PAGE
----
Federal Grand Jury Indicts California Physician and His Former Assistant for Diluting and Even Withholding HIV/AIDS Medications While Billing for Full Dosages

Earlier this week, a federal grand jury in California indicted Orange County physician Dr. George Kooshian and his assistant, Virgil Opinion, for intentionally giving AIDS patients lower than the prescribed doses of medications while billing insurance companies for the cost of full treatments. 

Allegedly, Kooshian ordered Opinion and other staff members to administer medication at 50% or even 25% of the prescribed dosage. In some cases, he is even accused of ordering saline or water injections be given in place of actual medication.

An investigation into Kooshian’s offenses did not begin until after Opinion left her job in 2001. At that time, Opinion and a former patient Bryan Noble filed lawsuits stating that Kooshian charged as much as $7,000 dollars for treatments of saline.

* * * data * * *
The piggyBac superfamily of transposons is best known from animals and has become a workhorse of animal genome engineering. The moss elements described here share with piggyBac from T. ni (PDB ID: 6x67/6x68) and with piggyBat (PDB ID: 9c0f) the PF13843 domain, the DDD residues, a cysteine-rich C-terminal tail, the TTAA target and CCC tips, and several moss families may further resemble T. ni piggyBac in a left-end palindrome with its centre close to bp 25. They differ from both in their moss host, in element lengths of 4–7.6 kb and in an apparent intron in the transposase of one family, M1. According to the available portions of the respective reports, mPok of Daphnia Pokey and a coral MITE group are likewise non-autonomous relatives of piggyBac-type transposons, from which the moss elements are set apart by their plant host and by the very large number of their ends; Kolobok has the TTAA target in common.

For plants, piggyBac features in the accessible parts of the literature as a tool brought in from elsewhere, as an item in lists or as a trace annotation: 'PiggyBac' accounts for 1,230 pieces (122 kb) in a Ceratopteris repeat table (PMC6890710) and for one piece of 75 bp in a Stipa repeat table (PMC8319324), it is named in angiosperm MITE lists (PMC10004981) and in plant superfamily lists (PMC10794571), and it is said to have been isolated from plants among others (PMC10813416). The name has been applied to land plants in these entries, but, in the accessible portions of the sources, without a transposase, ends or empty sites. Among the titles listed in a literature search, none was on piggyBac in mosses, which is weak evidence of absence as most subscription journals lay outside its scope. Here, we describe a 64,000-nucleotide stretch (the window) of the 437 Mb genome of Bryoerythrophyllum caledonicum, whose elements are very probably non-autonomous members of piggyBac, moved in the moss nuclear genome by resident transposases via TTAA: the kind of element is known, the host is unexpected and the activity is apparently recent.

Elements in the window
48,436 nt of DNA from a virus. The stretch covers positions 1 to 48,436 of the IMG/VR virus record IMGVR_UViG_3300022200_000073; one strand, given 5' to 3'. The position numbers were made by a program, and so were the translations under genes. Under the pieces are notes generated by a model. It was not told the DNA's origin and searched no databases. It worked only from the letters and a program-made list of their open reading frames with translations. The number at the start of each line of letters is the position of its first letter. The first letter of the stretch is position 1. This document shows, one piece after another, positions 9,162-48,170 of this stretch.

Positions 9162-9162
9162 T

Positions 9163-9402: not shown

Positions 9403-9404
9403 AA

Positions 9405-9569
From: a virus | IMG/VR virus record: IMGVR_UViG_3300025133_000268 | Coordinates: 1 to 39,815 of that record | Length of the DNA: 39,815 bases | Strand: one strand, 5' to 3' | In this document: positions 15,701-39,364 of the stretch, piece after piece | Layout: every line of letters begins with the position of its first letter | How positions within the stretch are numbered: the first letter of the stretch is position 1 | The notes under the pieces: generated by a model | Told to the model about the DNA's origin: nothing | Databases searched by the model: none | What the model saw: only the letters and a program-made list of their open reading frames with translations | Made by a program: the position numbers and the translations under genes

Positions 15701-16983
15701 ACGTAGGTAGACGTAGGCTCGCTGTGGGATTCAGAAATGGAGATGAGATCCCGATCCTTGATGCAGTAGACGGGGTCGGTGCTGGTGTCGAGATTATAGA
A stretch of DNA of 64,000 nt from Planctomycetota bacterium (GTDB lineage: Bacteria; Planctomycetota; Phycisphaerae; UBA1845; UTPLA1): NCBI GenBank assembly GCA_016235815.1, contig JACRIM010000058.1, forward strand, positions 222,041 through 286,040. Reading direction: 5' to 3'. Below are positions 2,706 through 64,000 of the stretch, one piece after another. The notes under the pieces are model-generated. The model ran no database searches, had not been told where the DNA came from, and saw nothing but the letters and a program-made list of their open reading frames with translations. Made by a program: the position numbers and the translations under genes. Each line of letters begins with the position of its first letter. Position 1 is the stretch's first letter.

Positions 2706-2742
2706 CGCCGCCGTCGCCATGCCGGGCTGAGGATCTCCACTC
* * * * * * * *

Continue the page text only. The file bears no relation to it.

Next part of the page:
In a 2001 interview with the OC Weekly, Opinion made the accusations public. According to U.S. Attorney Jeannie Joseph, the law suits were settled for an undisclosed amount. 

Joseph argues that while Kooshian’s actions may not directly have caused deaths, his preying upon vulnerable and suffering patients caused unnecessary distress for those who put their care in his hands.  She remarks "We can’t say with any certainty that what he did caused anyone’s death, but it certainly affected his patients’ quality of life."

A review of the history of the case, including coverage of the investigation into the allegations of Opinion’s 2001 interview can be found in the current issue of the OC Weekly.

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